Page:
http://www.bbc.co.uk/news/entertainment-arts-12338053Mexico's ambassador in London has complained to the BBC over "offensive, xenophobic and humiliating" comments made about his country on Top Gear.Eduardo Medina Mora has written to the BBC about "insults" made by Richard Hammond, Jeremy Clarkson and James May.
Discussing a Mexican sports car, Hammond said vehicles reflected national characteristics so "Mexican cars are just going to be lazy".
The BBC did not comment but said it would respond directly to Mr Mora.
Reviewing the Mastretta on Sunday's show, Hammond said: "Mexican cars are just going to be lazy, feckless, flatulent, overweight, leaning against a fence asleep looking at a cactus with a blanket with a hole in the middle on as a coat."
The presenters, known for their edgy jibes, then described Mexican food as "refried sick".
Clarkson said he was confident he would not receive any complaints about their comments because the Mexican ambassador would be asleep.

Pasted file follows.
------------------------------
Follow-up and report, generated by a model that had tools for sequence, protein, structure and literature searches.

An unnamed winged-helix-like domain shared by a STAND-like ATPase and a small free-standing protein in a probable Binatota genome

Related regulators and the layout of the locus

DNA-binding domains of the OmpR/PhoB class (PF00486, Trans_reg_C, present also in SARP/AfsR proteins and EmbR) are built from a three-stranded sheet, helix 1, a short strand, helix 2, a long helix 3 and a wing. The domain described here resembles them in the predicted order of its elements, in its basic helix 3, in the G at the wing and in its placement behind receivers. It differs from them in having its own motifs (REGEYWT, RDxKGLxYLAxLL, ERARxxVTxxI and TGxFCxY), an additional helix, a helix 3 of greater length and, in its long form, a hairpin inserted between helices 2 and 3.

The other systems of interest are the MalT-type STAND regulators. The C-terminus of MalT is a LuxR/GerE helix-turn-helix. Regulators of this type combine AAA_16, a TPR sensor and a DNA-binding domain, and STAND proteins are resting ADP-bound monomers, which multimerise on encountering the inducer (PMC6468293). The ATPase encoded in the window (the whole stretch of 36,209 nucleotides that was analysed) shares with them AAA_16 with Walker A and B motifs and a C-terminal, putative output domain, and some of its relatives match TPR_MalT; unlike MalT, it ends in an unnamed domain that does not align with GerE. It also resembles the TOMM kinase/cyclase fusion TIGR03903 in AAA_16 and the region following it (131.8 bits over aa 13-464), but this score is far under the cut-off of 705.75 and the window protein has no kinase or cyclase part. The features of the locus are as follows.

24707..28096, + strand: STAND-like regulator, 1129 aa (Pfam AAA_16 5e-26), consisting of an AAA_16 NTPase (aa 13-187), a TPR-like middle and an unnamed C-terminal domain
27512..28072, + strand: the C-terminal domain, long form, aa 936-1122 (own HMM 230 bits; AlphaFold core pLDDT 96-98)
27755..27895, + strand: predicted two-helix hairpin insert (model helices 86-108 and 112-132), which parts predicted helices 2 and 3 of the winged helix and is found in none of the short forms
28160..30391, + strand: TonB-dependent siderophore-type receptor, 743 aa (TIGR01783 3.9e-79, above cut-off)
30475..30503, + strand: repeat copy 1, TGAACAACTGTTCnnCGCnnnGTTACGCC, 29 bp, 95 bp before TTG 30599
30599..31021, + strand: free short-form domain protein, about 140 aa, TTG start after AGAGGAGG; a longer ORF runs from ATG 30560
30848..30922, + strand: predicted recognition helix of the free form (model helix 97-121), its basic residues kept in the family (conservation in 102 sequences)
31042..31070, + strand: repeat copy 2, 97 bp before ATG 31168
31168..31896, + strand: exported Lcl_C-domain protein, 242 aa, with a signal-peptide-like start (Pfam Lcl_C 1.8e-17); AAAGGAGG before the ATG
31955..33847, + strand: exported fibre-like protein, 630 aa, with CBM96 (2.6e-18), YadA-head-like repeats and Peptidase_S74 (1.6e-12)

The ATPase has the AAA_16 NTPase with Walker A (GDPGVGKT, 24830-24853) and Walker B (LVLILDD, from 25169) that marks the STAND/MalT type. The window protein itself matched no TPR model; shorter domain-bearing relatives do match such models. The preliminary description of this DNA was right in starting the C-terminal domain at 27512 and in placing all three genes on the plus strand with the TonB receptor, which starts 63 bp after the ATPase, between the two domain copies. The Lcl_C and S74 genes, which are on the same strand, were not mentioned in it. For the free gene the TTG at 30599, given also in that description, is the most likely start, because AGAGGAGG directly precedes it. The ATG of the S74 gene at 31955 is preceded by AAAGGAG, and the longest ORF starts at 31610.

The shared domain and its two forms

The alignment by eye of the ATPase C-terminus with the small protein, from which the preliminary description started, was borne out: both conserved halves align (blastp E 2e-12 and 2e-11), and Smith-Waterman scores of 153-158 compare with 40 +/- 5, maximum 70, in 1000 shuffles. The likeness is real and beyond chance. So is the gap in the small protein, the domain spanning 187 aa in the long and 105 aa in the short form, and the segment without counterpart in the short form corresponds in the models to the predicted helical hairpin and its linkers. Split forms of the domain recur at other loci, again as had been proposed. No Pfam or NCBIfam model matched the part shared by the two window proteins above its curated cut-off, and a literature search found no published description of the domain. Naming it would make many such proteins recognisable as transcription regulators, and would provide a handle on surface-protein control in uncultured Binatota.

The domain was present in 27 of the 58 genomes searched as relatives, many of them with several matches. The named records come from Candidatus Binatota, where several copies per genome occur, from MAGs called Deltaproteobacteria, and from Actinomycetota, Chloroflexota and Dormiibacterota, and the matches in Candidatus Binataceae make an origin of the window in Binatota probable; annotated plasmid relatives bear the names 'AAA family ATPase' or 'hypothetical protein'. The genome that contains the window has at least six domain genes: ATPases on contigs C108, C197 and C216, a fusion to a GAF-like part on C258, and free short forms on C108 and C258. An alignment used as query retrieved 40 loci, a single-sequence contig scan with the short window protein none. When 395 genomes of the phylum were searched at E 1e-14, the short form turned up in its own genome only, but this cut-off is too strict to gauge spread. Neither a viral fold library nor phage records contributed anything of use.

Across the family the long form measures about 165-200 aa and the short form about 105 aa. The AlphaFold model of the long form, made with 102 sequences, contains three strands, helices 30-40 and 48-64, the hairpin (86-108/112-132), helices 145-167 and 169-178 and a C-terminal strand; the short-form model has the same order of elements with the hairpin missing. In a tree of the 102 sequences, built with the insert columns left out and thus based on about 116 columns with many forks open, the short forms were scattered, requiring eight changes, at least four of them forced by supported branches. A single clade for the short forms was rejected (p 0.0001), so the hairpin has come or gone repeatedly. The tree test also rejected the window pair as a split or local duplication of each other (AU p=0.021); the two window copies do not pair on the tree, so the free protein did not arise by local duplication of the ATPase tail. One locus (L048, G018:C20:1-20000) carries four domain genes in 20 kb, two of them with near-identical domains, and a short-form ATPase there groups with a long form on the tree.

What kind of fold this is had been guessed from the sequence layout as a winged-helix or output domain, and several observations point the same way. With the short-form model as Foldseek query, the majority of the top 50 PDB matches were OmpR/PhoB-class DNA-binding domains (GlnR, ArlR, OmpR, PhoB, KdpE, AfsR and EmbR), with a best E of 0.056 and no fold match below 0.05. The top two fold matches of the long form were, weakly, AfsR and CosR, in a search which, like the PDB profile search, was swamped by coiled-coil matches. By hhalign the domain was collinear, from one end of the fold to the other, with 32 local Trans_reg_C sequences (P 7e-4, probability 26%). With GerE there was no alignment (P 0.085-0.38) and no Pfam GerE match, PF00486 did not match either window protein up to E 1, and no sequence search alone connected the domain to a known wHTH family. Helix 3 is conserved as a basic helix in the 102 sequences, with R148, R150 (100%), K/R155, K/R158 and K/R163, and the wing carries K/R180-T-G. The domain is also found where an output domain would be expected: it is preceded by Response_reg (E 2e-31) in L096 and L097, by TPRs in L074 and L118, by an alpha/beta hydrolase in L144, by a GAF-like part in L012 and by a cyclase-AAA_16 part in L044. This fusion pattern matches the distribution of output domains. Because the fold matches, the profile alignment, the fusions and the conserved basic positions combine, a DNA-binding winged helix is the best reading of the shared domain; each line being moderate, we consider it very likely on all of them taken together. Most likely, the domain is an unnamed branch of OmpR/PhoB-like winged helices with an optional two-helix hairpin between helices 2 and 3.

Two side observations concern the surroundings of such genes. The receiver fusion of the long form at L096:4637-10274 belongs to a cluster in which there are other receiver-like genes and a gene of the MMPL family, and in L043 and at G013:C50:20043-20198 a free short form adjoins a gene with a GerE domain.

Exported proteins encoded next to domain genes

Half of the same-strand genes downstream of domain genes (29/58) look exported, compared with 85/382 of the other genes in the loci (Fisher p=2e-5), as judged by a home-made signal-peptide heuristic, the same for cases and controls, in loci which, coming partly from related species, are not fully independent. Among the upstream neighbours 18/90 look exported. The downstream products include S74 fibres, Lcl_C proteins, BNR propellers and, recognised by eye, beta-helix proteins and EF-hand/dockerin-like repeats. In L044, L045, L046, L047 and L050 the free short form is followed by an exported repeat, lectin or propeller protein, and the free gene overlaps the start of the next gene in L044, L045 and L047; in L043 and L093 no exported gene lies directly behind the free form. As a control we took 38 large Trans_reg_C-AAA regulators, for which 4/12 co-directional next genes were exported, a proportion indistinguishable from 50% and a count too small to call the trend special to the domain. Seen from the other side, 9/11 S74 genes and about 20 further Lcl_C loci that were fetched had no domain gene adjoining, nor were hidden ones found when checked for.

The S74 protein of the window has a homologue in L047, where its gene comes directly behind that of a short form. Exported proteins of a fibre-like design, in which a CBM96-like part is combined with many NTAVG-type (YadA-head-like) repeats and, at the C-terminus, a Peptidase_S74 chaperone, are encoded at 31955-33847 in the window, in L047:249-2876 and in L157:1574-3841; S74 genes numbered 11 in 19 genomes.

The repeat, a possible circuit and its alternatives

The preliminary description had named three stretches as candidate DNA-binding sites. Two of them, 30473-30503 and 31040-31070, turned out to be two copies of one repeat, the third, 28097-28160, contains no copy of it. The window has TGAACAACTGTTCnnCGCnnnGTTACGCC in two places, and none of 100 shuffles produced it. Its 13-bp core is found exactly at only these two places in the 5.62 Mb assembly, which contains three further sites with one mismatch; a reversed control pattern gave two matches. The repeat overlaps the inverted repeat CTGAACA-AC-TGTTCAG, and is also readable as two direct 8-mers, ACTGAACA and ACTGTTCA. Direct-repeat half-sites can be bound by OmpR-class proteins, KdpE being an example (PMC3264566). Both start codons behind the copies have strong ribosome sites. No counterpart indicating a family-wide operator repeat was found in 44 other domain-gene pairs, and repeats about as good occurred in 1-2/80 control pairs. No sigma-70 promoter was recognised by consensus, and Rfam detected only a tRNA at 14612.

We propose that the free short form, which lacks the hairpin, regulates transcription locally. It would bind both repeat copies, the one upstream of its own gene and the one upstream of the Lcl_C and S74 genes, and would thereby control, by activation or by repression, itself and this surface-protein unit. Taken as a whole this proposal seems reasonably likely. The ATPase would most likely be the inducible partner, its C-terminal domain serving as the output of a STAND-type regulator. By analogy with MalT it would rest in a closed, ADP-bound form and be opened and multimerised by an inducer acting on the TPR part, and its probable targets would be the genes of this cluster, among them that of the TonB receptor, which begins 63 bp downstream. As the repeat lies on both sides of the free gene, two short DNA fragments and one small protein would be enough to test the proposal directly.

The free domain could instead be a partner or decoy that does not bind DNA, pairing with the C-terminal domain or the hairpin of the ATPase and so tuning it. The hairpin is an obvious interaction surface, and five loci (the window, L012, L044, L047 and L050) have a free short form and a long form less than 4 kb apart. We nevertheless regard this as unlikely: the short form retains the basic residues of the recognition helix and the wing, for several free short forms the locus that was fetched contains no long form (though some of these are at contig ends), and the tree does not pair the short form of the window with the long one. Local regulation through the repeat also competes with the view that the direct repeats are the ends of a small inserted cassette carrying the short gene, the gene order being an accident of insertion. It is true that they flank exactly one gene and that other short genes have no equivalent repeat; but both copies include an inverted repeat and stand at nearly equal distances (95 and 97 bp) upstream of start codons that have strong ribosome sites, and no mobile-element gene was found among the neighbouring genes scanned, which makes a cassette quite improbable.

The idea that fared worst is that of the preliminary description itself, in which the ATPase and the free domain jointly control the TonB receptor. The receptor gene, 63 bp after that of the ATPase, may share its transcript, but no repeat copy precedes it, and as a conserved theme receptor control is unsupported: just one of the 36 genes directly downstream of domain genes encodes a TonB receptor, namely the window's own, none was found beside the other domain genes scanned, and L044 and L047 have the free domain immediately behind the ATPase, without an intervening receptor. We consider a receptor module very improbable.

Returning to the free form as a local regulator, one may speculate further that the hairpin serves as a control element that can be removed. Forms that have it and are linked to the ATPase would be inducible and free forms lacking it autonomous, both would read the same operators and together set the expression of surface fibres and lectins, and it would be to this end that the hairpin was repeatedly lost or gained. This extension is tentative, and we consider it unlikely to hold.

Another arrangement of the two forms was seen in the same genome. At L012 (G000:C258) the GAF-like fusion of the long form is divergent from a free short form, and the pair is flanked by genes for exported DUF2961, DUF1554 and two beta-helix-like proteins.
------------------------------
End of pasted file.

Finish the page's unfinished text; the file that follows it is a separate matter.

However, the ambassador did complain, and demanded an apology from the BBC.
"The presenters of the programme resorted to outrageous, vulgar and inexcusable insults to stir bigoted feelings against the Mexican people, their culture, as well as their official representative in the United Kingdom," he wrote.
"These offensive, xenophobic and humiliating remarks only serve to reinforce negative stereotypes and perpetuate prejudice against Mexico and its people."
It is not the first time the driving programme has caused controversy.
Hundreds of viewers complained in 2008 after Clarkson made a joke about lorry drivers murdering prostitutes.
Last week, the programme was named most popular factual show at the National TV Awards.